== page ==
"... What really bothers me in this case is that the case came into the Ontario court from the military court, for whatever reason," said Richardson, according to the court transcript.
"There is a ton of literature. A ton of it. About how the military court is unfit to hear cases of sexual assault. And here we are."
Richardson said there was a 29-month delay in getting the case to trial. The Crown prosecutor said the defence did not cause any significant part of that delay and, according to the court transcript, cited "exceptional circumstances" — the backlog of cases caused by the pandemic.
"I don't see anyone giving more than 90 days credit for COVID-19," Richardson replied.
Nolet said the Crown "grossly mishandled" her case over the past year and a half by failing to "prioritize the timeline of the case" and allowing it to "slip through the cracks."
"I didn't get the justice that I deserve," she said. "I deserve that day in court. As a victim, you deserve to be heard."
Nolet said her case was also undermined by high turnover on the Crown side. In a complaint filed with the Crown in May, 2023, Nolet said the first prosecutor was replaced after declaring a conflict of interest and the replacement left the office in the spring.
An email to Nolet from Ontario's Ministry of the Attorney General said it was looking into why the prosecutor who departed hadn't filed a response to her case in time.
Julie Scott, director of Crown operations east region, responded to Nolet's complaint in a letter on May 29 of this year. She said she shared Nolet's "concerns about how long this matter has taken to come to trial" and said two factors made "particularly significant" contributions to the delay: the pandemic's effects on "an already overburdened" system and the transfer of sexual misconduct files from the military to the civilian system.
More cases could be stayed, expert warns
Retired Col. Michel Drapeau, a lawyer practising military law in Ottawa and an adjunct professor at the University of Ottawa, said Nolet's case is the tip of the pyramid. He said other cases could be stayed if the federal government doesn't act swiftly.
"We've got a problem and it needs to be fixed," said Drapeau. "It needs to be fixed now."
Drapeau said the government must implement Arbour's recommendation to change the law so that the military no longer has concurrent jurisdiction over sexual offences.
Concurrent jurisdiction, Drapeau said, leads to a "tug of war" where the military wants to hold on to cases and civilian prosecution services "are not particularly enthused about adding to their workload."
He said it would be faster for allegations to go directly to civilian police. After a military member reports allegations, the military investigates if it's a sexual offence under the Criminal Code and then has to find out if civilian police will take over the case, he said.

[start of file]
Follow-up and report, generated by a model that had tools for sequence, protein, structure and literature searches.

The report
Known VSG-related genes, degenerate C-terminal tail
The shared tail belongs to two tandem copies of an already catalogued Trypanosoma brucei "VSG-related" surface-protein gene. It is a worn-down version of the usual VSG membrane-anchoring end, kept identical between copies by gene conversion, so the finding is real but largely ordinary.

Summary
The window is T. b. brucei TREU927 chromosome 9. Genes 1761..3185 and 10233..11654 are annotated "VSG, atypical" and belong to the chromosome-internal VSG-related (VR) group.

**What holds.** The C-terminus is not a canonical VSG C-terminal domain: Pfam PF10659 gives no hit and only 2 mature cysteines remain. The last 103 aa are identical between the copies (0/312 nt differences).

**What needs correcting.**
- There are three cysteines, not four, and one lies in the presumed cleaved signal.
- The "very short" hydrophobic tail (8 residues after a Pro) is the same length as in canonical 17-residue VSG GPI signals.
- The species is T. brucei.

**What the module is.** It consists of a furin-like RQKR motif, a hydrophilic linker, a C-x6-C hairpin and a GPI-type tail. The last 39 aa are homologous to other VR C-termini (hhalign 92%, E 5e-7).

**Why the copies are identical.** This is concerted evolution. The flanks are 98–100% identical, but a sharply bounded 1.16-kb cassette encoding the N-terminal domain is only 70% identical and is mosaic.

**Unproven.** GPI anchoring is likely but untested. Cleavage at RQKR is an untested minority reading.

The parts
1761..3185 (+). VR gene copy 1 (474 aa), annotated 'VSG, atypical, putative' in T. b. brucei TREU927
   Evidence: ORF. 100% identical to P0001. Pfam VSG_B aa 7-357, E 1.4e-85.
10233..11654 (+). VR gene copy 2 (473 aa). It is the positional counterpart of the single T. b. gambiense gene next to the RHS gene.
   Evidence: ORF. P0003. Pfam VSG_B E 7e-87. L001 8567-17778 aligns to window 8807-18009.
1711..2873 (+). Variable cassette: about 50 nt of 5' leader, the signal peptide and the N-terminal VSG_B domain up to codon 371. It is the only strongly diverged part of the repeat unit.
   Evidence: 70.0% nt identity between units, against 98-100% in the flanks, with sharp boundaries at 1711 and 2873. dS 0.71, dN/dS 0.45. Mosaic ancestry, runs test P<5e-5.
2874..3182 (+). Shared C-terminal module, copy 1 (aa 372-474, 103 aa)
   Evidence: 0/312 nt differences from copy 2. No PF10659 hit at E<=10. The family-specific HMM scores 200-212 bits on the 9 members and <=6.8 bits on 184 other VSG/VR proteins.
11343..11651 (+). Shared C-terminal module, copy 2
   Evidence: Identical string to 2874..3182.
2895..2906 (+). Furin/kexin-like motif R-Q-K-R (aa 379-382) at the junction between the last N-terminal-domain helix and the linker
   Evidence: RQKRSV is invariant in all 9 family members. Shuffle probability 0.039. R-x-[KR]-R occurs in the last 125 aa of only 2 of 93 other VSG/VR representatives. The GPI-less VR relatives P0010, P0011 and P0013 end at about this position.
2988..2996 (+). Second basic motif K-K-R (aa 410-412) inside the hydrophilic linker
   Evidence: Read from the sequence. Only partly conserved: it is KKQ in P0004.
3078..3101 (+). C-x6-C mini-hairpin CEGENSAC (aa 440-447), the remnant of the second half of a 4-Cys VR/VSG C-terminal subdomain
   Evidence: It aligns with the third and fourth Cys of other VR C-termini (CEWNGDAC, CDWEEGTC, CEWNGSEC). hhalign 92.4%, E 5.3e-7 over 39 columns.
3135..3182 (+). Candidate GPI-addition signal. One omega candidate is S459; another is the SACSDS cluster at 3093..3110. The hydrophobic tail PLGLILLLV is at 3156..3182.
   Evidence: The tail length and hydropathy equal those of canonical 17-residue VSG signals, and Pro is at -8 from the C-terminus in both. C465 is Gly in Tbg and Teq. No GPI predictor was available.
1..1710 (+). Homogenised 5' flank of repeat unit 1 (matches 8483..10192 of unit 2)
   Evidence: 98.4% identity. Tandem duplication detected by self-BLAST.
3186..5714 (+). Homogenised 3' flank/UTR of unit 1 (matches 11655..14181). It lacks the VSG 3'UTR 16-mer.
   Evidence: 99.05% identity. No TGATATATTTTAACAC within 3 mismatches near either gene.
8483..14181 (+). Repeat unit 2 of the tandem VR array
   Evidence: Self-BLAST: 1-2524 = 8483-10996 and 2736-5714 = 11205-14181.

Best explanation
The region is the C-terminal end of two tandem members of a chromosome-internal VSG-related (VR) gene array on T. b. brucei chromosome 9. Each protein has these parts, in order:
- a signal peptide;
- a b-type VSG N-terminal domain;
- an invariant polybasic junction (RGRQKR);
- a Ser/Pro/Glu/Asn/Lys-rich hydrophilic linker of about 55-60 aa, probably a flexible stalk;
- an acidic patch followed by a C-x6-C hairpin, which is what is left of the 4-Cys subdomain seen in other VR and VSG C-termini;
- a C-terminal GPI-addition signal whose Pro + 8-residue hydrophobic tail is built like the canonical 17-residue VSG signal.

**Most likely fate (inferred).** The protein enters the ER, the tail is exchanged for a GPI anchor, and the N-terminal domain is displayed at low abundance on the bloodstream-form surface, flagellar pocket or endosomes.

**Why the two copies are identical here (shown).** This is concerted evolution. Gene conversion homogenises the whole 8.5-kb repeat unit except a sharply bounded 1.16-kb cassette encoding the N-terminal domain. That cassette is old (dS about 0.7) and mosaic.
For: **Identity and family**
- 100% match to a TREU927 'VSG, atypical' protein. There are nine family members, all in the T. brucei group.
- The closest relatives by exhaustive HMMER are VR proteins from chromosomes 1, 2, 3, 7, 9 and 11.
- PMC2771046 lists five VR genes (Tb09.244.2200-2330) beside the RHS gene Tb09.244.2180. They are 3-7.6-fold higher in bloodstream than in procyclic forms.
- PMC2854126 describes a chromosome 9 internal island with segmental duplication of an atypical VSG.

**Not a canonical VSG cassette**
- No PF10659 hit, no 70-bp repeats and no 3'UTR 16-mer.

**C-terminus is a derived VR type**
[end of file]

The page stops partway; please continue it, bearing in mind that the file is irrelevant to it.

"All that take time," he said.
Arbour herself raised concerns last year that civilian police forces "have already surprisingly, in my view, expressed in some cases some reluctance to exercise a jurisdiction that they currently have."
Arbour estimated that the military justice system processes only about 30 sexual misconduct cases across the country each year. Civilian courts process more than 2,300 sexual offence cases per year, she said.
Drapeau said the government should have acted months ago by changing the National Defence Act to add the word "sexual assault" to the list of crimes the military cannot handle — a list that includes murder and manslaughter.
"That's it," Drapeau said, adding the change could be pushed through by Blair in a matter of months. "It's not even a page, not even a paragraph."
Arbour said in her report that experience shows amending the law to take sexual assault cases away from the military entirely "will take several years."
A spokesperson for Blair said the work of an ad hoc committee of federal, provincial and territorial deputy ministers to address Arbour's recommendations is "ongoing."
"The committee is discussing a number of important issues, including the need to ensure that cases are heard within a reasonable time," said Blair's spokesperson Daniel Minden.
The defence department said it has not conducted an administrative review in Nolet's case to decide if there will be career consequences for the accused because the legal process hasn't concluded.
Nolet said the Crown has until next week to decide if it will appeal the decision to stay the charge.
Nolet also filed a lawsuit against the accused and the federal government last year. In her statement of claim, she said she sustained serious injuries from the alleged incident, including PTSD.
In a statement of defence filed in June this year, the Attorney General of Canada denies any negligence and all of the allegations in the lawsuit.
Nolet's personal injury lawyer Brian Goldfinger calls his client's case a "travesty."
"When bad things happen involving the workplace or co-workers, we want our employer, in this case the Canadian military, and for the court system to handle such matters fairly and efficiently," said Goldfinger.
"Nobody should have to endure what Ms. Nolet has gone through."
CBC News sent three requests for comment to the accused and his lawyer but did not receive a comment.